For anyone who appreciates architecture, one should start by visiting the headquarters of the Royal Institute of British Architects (RIBA) at 66 Portland Place. Opened in 1934 and designed by George Grey Wornum, the building is a beautiful example of Art Deco in central London, and houses a fantastic architectural library. The exterior is impressive, but it’s the interior that seduces. Whereas the ground floor offers an excellent bookshop and a pleasant bar designed by Azman Architects, a grand staircase leads to a stylish restaurant with a private courtyard popular in summer. The restaurant was beautifully redesigned by Conran & Partners a few years ago and is a popular meeting place to do business in central London.

Many architects, members of the RIBA, have designed outstanding buildings that have established the exciting urban landscape of London, embodied in its office buildings, residential areas, or public spaces, like museums or parks.

Just north of the RIBA HQ, in the revamped area of King’s Cross (currently, one of the biggest regeneration sites in the world) stands King’s Place, an office building and cultural centre designed by Dixon Jones Architects. King’s Place has an impressive internal courtyard that leads to different exhibition and lecture spaces. The building promoters describe it as bringing together under one roof a creative hub, a dining venue, a conference and events centre, and office complex. This is very elegantly achieved in a building that has the added bonus of being situated next to a London canal, allowing for an interesting mix of landscapes in an otherwise lifeless part of the city.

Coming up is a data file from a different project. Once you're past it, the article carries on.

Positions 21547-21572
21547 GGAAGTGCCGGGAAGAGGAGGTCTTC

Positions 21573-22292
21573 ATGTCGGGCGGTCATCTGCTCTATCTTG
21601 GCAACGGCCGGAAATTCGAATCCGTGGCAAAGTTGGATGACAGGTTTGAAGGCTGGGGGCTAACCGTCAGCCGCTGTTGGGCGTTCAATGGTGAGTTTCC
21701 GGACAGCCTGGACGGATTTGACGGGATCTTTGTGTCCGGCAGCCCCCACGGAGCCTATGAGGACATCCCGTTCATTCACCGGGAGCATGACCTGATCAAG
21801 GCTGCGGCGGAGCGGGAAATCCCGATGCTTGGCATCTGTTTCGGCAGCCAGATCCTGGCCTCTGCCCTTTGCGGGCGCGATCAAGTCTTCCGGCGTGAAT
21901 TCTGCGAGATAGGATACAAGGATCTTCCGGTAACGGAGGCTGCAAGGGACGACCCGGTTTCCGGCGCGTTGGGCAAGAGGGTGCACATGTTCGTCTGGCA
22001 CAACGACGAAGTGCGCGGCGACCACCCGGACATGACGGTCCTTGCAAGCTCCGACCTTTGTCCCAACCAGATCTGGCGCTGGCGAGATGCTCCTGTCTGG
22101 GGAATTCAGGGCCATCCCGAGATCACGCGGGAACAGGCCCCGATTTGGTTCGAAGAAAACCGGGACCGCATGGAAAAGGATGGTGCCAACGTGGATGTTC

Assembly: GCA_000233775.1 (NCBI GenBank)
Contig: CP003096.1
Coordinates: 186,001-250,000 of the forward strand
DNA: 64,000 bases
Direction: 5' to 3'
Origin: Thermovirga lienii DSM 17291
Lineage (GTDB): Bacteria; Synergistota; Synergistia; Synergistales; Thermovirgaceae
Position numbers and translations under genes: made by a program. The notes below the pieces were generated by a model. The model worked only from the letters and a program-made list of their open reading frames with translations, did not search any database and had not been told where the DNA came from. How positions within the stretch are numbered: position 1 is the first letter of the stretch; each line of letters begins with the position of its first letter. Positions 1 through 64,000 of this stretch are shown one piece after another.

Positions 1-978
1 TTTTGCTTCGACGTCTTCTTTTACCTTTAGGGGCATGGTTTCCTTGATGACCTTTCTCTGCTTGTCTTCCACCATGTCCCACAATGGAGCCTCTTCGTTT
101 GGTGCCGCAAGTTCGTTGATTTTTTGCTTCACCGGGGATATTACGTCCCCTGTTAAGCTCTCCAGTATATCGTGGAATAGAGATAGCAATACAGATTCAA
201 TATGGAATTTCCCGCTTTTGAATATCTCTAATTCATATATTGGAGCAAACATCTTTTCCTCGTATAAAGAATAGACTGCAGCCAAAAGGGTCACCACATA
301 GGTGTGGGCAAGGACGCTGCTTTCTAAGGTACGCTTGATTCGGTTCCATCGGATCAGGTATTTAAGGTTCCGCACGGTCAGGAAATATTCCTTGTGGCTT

Bermondsey and Borough, south of the river Thames, are also hosts to recent very well-designed and award-winning office buildings. Will Alsop’s Palestra Building, with its cantilevered top floors and typical Alsop stilt columns at the base, stands out in the landscape for its quality and harmonious play with the notion of the standard, box-like office building. Showing their investment in good design, a significant amount of office space was snapped up by the London Development Agency and the London Climate Change Agency, a local government body that actually forced the building to include solar panels and wind turbines in its final design.

Nearby, the Bluefin Building, designed by Allies and Morrison, hosts the headquarters of IPC Media, the publishers of magazines such as Wallpaper*, Living Etc, Marie Claire, NME, In Style, and many others. The building is extremely elegant with numerous vast free spaces allowing light to flow into it, and the rooftop terrace offers one of the best views of London. In fact, the occupants of the building have probably the best lunch time views of the city, with the office’s cafeteria situated on the top floor of the building.